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Philosophy, Technology, and the Future of Humanity - PHIL202

We live an increasing part of our lives online, playing videogames, and engaging with various technologies and virtual realities. Our workplaces are more automated, cars drive themselves, and robots take care of us. Is this a good thing? What is it doing to us? Where will it take us in the future? In this unit we draw on philosophical and ethical theories to explore the impacts of information and related technologies on humanity. Topics we will explore include issues around human-technology relations, such as: technological neutrality and technological determinism; embodiment, gender, and technology; and the co-evolution of mind and technology. We will examine ethical aspects of technology, such as: the impacts that online sharing has on our philosophical understandings of friendship; the right to internet privacy; how theories in moral psychology explain the ethical impacts of playing videogames; the ethics of self-driving cars and robotic care-workers; and the justice implications of the automatisation of work. Finally, we also look at topics surrounding the intertwining of humanity and technology and the future impacts of Artificial Intelligence (AI), such as: whether AI and the singularity is an existential risk to humanity; how technology will be used as a tool of human enhancement; and whether we will (and should) become cyborgs and stop being human.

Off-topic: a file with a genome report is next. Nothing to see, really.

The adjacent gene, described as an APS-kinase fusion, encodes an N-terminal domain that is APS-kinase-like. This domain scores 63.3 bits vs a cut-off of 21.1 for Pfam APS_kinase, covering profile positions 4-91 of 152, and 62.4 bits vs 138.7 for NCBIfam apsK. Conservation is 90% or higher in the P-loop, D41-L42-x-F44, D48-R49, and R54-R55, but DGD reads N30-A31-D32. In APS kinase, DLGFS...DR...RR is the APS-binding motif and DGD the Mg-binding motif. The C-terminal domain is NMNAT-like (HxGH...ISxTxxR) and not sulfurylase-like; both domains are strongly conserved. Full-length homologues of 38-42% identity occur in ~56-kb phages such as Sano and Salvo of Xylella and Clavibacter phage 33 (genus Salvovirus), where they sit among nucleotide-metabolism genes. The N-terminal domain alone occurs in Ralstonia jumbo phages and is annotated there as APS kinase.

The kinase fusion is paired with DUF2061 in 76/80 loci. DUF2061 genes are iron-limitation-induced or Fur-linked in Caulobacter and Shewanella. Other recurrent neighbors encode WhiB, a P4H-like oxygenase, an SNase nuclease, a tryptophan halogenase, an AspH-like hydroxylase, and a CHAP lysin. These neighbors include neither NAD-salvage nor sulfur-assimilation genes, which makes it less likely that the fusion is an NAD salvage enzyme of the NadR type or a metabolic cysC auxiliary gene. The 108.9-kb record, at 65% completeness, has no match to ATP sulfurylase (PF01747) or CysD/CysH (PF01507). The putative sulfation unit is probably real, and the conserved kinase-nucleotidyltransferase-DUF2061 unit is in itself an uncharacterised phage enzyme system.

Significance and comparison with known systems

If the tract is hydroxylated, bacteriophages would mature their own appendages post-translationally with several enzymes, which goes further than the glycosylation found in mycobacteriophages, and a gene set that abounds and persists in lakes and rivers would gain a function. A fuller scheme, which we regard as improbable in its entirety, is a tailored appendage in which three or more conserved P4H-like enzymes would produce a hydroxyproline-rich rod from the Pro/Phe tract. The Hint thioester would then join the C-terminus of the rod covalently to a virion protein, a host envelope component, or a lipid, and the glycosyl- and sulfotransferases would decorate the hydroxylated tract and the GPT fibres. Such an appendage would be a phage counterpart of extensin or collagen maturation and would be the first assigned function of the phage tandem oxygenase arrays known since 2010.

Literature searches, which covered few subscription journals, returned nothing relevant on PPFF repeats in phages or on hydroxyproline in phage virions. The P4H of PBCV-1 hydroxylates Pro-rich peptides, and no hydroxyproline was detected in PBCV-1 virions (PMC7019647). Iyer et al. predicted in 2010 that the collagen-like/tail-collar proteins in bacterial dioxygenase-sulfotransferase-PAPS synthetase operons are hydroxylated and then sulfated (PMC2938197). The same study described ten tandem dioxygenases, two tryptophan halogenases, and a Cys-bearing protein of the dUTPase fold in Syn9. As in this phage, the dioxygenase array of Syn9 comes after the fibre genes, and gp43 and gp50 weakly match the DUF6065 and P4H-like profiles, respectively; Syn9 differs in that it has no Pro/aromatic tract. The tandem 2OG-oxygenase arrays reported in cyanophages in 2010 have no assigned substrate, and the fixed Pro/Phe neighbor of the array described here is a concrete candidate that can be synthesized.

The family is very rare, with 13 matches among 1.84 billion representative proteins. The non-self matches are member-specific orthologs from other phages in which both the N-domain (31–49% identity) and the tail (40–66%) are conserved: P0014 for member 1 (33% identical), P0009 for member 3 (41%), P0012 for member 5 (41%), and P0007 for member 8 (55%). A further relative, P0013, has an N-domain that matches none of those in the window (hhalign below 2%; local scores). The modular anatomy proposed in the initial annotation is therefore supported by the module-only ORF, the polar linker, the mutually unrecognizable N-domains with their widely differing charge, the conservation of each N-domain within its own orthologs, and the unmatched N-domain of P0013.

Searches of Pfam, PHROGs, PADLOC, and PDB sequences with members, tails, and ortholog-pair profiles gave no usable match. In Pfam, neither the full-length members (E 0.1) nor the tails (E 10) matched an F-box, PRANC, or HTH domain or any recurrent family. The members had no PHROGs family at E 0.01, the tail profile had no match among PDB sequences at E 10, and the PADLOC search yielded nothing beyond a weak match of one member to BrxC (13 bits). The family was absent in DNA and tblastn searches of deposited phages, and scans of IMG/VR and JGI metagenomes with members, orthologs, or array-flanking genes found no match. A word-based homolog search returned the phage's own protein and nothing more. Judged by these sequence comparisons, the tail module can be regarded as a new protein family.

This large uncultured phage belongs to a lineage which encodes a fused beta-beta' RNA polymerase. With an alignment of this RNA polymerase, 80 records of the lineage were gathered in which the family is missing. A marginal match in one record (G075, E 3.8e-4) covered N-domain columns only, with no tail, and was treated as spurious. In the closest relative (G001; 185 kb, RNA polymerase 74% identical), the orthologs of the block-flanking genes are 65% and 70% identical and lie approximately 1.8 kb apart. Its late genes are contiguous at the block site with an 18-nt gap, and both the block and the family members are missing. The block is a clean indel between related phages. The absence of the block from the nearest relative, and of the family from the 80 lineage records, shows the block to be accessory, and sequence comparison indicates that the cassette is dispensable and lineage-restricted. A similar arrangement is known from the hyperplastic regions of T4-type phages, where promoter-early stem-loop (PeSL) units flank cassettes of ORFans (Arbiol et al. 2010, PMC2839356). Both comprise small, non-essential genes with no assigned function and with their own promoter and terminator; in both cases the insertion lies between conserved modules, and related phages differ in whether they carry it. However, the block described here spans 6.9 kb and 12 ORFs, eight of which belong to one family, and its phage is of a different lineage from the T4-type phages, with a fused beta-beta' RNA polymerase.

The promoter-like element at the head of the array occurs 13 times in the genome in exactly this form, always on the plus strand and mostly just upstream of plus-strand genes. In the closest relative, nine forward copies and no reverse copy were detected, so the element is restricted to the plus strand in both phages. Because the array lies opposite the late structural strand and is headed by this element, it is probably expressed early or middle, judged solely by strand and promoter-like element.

Credit Points: 3
When Offered:

S2 Day - Session 2, North Ryde, Day

S2 Online - Session 2, Online

Staff Contact(s): Associate Professor Paul Formosa

12cp at 100 level or above Prerequisite Information


Unit Designation(s):
Unit Type:
Assessed As: Graded
Offered By:

Department of Philosophy

Faculty of Arts

Course structures, including unit offerings, are subject to change.
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